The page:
Oct 12 -- The CHIPS Program Office (CPO) within the National Institute of Standards and Technology (NIST) is seeking further information in order to inform the design and implementation of the CHIPS incentive programs, based on amendments to the CHIPS program resulting from the CHIPS Act of 2022. This Request for Information (RFI) follows the “Incentives, Infrastructure, and Research and Development Needs to Support a Strong Domestic Semiconductor Industry” RFI issued by the U.S. Department of Commerce (the Department) on January 24, 2022, prior to enactment of the CHIPS Act of 2022. On September 6, 2022, the Department released “A Strategy for the CHIPS for America Fund,” describing the Department's implementation strategy for the funds Congress appropriated to catalyze long-term growth in the domestic semiconductor industry. This strategy was informed in part by the information received in response to the January 2022 RFI. Responses to this RFI, considered alongside responses to the prior RFI, will further inform the planning of the CPO for the implementation of these programs.
Comments must be received by 5:00 p.m. Eastern time on November 14, 2022.
The CPO is currently working to implement programs authorized by Title XCIX of the William M. (Mac) Thornberry National Defense Authorization Act for Fiscal Year 2021, 15 U.S.C. 4651 et seq., as amended by sections 103 and 105 of the CHIPS Act of 2022, with the goal of releasing an initial funding document for the semiconductor incentives program within six months of the passage of the CHIPS Act of 2022.
The Department of Commerce published an RFI in January 2022 seeking to inform the planning of the CHIPS Programs. However, the CHIPS Act of 2022 subsequently amended the authorizing legislation for these programs in several areas, including:
-- Permitting incentives in the form of loans, loan guarantees, or other transactions,
-- Expanding eligibility for CHIPS incentives to include facilities and equipment for the fabrication, assembly, testing, production, or research and development of materials used to manufacture semiconductors and semiconductor manufacturing equipment,
-- Requiring applicants to provide plans to identify and mitigate relevant semiconductor supply chain security risks and policies and procedures to combat cloning, counterfeiting, and relabeling,
-- Establishing an expansion clawback that prohibits CHIPS incentive recipients from investing in certain projects in countries of concern,
-- Creating taxpayer protections to prevent recipients from spending CHIPS funds on stock buybacks or dividends, and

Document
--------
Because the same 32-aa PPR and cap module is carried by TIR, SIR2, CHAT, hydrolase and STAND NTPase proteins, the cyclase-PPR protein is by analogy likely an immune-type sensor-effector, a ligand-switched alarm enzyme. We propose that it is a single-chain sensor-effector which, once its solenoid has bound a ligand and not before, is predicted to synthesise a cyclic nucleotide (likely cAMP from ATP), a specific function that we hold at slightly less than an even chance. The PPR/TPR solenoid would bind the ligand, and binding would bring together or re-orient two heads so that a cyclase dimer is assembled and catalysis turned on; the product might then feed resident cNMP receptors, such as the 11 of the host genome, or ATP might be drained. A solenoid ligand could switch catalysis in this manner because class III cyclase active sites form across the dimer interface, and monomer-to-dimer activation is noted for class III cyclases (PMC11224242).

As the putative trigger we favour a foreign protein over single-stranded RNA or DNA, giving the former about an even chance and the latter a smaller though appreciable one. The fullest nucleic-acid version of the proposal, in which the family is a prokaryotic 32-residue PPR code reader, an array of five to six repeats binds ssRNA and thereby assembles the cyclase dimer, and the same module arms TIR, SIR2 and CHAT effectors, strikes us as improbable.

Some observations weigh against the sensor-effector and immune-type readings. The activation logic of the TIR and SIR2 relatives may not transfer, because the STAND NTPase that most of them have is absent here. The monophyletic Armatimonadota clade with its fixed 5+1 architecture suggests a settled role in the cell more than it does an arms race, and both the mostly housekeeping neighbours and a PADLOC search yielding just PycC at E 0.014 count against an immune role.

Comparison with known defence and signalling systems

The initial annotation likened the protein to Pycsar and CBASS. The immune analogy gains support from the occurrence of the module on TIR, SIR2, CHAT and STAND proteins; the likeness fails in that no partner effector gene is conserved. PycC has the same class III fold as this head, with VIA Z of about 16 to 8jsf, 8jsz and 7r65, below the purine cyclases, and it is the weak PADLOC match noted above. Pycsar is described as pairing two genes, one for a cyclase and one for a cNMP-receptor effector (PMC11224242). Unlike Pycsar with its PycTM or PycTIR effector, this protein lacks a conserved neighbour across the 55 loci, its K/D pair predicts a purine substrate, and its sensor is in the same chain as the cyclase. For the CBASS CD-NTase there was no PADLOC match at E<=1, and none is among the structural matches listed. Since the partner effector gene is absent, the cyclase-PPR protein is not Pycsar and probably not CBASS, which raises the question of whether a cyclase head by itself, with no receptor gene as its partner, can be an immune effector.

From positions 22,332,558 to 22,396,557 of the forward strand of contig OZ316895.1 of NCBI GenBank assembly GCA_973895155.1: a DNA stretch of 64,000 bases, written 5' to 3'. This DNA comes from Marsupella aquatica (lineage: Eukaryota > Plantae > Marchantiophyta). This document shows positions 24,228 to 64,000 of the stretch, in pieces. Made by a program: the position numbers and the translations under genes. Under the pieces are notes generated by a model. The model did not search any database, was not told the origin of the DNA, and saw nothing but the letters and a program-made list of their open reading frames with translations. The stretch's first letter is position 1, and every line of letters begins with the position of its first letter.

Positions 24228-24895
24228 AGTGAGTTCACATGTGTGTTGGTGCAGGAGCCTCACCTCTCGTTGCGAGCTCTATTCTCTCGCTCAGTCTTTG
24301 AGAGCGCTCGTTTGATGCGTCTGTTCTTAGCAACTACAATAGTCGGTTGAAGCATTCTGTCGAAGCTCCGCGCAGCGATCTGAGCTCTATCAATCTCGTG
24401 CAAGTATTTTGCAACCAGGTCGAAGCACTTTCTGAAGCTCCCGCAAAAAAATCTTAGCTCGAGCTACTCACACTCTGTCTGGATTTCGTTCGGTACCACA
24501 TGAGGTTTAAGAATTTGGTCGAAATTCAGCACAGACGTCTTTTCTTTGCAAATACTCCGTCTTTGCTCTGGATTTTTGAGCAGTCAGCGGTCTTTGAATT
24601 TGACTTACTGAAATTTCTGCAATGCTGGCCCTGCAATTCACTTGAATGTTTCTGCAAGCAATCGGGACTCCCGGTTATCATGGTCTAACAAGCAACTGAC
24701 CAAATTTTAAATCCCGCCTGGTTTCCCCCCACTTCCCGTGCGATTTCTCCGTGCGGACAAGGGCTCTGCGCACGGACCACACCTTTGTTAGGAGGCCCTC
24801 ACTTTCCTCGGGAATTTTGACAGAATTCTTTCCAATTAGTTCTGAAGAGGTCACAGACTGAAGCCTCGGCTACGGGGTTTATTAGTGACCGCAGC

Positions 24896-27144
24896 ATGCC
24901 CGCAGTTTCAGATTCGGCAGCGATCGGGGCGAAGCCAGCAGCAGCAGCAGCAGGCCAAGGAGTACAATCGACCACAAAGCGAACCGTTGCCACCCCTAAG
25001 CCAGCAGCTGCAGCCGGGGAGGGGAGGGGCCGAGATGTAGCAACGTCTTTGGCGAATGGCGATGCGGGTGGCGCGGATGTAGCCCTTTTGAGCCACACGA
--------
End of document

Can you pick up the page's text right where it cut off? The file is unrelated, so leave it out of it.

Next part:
-- Directing analyses of certain diversity, equity, and inclusion elements of the CHIPS programs.
The CPO is issuing this RFI to inform its consideration and implementation of these amended sections.
The following statements and questions cover the major topic areas about which the CPO seeks comment. . . . Responses may include any topic believed to inform U.S. Government efforts in developing recommendations for supporting the growth and sustainment of a robust domestic semiconductor manufacturing sector to meet the current and future needs of the public and private sectors, regardless of whether the topic is included in this document.
The CPO is requesting information related to the following topics:
Use of Grants, Loans, and Loan Guarantees
1. The Department may allocate up to $6 billion out of the $39 billion of total incentives to support loans and loan guarantees to covered entities. This $6 billion has a significant multiplier effect: the principal amount of financing available through loans and loan guarantees could be leveraged to support up to $75 billion in loans and loan guarantees. This leverage will help the CPO achieve the needed scale of investment by facilitating additional private capital and providing access to debt for companies with reasonable prospects for repayment. Applicants will be encouraged to consider loans or loan guarantees as part of their federal assistance application package. Which types of companies in the supply chain would benefit most from the use of the loans or loan guarantees to supplement or in lieu of CHIPS grants?